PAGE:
The turbines are part of a move toward renewable energy in Alaska. Wind turbines dot rural Alaska. Solar arrays power a building in Nome. Tourists soak at Chena Hot Springs Resort, a getaway powered by geothermal energy. And increasingly, homeowners are using energy derived from the sun and wind to heat their homes, keep the refrigerator running and charge their iPhones.
Some involved in this movement are driven by a desire to reduce their impact on the environment. For others, the decision is financial. Using alternative energy means less reliance on diesel fuel to power generators. State and local officials have been busy writing new rules for how all this can work, especially the backyard wind turbines.
Chiropractor Joseph Hawkins of Palmer is a pioneer. His roughly 50-foot-tall turbine makes more electricity than needed at his business, BIONIC Chiropractic, so he has a contract to sell the extra power to Matanuska Electric Association. He’s one of the first people in the Valley to ever do that.
His turbine towers over BIONIC Chiropractic at 642 S. Alaska St. It went up on Oct. 2. Hawkins said he’s been interested in renewable energy since helping his family install solar power in Utah 25 years ago.
"I’ve been involved or interested in doing anything we can do to be resourceful or protect the environment," Hawkins said. "It portrays the healthy lifestyle I want to represent as a chiropractor." The turbine at his business is a residential-size model made by Skystream. It costabout $22,000 installed.
The turbine whirls frequently in Palmer, where breezes are common. Hawkins said he believes it will pay for itself in five to seven years. Power generated is used first in the chiropractic office building he built last year. Matanuska Electric buys what’s left. In the six weeks the turbine has been energized, that’s been less than a hundred kilowatts, Hawkins said.
The average home uses about 30 kilowatts each day, according to the U.S. Energy Information Administration. Hawkins and Lukas Strickland, a friend working with him on alternative energy plans, said they hope to install other types of renewables soon.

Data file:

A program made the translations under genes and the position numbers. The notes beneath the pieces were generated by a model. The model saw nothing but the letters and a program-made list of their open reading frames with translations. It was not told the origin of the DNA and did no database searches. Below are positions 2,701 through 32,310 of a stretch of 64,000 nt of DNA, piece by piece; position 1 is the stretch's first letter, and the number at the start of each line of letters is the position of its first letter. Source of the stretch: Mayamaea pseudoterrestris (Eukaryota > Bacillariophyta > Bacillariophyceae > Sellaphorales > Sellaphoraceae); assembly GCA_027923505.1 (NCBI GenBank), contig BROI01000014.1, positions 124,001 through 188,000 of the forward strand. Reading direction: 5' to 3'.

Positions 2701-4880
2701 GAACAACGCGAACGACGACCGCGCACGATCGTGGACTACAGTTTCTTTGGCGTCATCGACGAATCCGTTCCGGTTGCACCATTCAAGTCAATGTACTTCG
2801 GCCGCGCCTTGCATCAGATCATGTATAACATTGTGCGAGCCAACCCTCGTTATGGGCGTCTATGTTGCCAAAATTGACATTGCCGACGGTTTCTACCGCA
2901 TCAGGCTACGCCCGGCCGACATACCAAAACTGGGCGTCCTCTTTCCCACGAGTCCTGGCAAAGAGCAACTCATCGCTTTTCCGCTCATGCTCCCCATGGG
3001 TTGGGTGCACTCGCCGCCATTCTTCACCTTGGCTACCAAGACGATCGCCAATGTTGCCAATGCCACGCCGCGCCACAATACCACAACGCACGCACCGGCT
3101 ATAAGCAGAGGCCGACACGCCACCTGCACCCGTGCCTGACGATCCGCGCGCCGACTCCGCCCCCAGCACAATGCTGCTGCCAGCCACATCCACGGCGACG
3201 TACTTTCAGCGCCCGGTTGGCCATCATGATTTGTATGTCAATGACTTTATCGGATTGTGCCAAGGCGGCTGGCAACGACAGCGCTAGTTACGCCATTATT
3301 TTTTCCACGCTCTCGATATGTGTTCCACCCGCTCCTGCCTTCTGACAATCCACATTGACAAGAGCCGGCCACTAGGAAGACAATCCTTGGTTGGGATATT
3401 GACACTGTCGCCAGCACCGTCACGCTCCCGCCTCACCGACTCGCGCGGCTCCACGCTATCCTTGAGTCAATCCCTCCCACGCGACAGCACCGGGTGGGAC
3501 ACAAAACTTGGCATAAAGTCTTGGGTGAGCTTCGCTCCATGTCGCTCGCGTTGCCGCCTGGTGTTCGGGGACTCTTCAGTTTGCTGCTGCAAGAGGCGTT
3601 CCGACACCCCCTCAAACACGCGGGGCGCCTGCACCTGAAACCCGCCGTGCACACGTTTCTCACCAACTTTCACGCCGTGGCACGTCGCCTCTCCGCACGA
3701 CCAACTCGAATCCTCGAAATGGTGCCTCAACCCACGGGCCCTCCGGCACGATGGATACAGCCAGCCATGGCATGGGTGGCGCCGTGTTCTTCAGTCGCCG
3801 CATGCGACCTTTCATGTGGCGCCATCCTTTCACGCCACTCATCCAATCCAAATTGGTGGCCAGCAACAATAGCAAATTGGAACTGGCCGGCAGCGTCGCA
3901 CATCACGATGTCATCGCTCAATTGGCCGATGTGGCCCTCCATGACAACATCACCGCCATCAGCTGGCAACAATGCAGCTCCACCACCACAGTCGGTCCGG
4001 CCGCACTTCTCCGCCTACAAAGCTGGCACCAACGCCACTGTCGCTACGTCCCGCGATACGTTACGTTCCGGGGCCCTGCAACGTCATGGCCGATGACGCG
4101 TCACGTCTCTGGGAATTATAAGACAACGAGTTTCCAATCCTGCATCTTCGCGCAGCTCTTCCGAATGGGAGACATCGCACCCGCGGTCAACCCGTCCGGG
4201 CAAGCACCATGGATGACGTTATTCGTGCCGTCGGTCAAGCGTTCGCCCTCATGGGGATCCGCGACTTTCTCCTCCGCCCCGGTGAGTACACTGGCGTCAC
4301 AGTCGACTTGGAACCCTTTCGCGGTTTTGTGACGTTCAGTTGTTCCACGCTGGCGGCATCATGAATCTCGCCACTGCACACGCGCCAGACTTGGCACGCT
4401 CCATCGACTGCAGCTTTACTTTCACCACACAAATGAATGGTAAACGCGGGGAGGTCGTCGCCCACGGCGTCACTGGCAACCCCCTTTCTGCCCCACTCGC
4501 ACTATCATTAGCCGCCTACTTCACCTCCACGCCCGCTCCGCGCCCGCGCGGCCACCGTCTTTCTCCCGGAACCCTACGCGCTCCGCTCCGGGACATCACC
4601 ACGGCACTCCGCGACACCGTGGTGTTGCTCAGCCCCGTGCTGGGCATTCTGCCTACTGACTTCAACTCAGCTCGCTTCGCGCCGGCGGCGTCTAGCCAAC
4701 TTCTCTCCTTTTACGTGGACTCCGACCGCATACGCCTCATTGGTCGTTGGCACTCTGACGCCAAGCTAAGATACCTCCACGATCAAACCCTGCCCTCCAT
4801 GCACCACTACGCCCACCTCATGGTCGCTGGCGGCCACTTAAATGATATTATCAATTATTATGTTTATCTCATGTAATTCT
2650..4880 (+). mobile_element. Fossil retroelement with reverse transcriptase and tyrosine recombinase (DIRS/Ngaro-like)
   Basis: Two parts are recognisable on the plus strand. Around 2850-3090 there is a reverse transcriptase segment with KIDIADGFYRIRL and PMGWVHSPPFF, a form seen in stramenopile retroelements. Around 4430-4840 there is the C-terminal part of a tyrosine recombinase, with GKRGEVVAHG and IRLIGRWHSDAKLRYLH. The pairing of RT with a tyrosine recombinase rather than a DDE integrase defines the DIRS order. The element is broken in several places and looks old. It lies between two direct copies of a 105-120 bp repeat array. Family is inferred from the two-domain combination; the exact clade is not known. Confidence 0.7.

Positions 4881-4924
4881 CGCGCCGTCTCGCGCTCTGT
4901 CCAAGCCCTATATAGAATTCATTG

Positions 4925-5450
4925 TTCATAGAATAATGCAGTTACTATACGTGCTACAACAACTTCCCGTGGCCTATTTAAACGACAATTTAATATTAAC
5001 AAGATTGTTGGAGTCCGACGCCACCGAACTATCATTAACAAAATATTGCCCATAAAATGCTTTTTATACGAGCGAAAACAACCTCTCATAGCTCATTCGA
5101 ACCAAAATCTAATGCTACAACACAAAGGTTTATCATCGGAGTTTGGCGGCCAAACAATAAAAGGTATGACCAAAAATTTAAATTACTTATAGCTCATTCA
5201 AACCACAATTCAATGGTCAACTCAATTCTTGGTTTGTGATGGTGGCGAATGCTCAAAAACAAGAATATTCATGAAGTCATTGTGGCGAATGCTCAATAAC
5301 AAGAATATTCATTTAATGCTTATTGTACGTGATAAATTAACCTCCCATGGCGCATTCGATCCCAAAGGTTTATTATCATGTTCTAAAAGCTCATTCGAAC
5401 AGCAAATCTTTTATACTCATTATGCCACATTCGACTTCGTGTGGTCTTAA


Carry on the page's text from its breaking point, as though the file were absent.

"Right now in Alaska people don’t really know what to think yet. This kind of project is really important to get people thinking about what renewable energy is," Strickland said.
The second Palmer turbine, installed Nov. 6, is a dramatic addition to the Sherrod Elementary School playground. The school’s Alaska-themed playground includes boulders marking Mount McKinley and a partial pipeline. Now, a 51-foot tall Skystream turbine stands about where Fire Island would be on the playground map.
It’s the first wind turbine installed at an Alaska school as part of the national Wind for Schools program. Principal Mark Hoffman said Sherrod is taking part in the U.S. Department of Energy-sponsored program and tapping into wind energy-related curriculum for students. Schools in 26 states, including Alaska, participate.
In most of those states, small wind turbines have been installed, and teachers use data from the turbine as part of their lesson plan for teaching about energy and weather. At Sherrod, the turbine is powering hallway lights. District officials said it’s too early to know how much of the school’s energy bill the turbine might offset.
Sean Williams, a fifth-grade teacher at Sherrod, said he’s eager to have a new way to help his students understand a difficult concept like wind energy.
Nobody has a wind turbine whirling in their backyard in Anchorage, but the municipality and its power company are working to change that.
Anchorage zoning rules currently don’t permit wind turbines. One of its electric companies, Municipal Light & Power, doesn’t allow small consumers to hook a backyard turbine to the electrical grid and sell power back to the utility.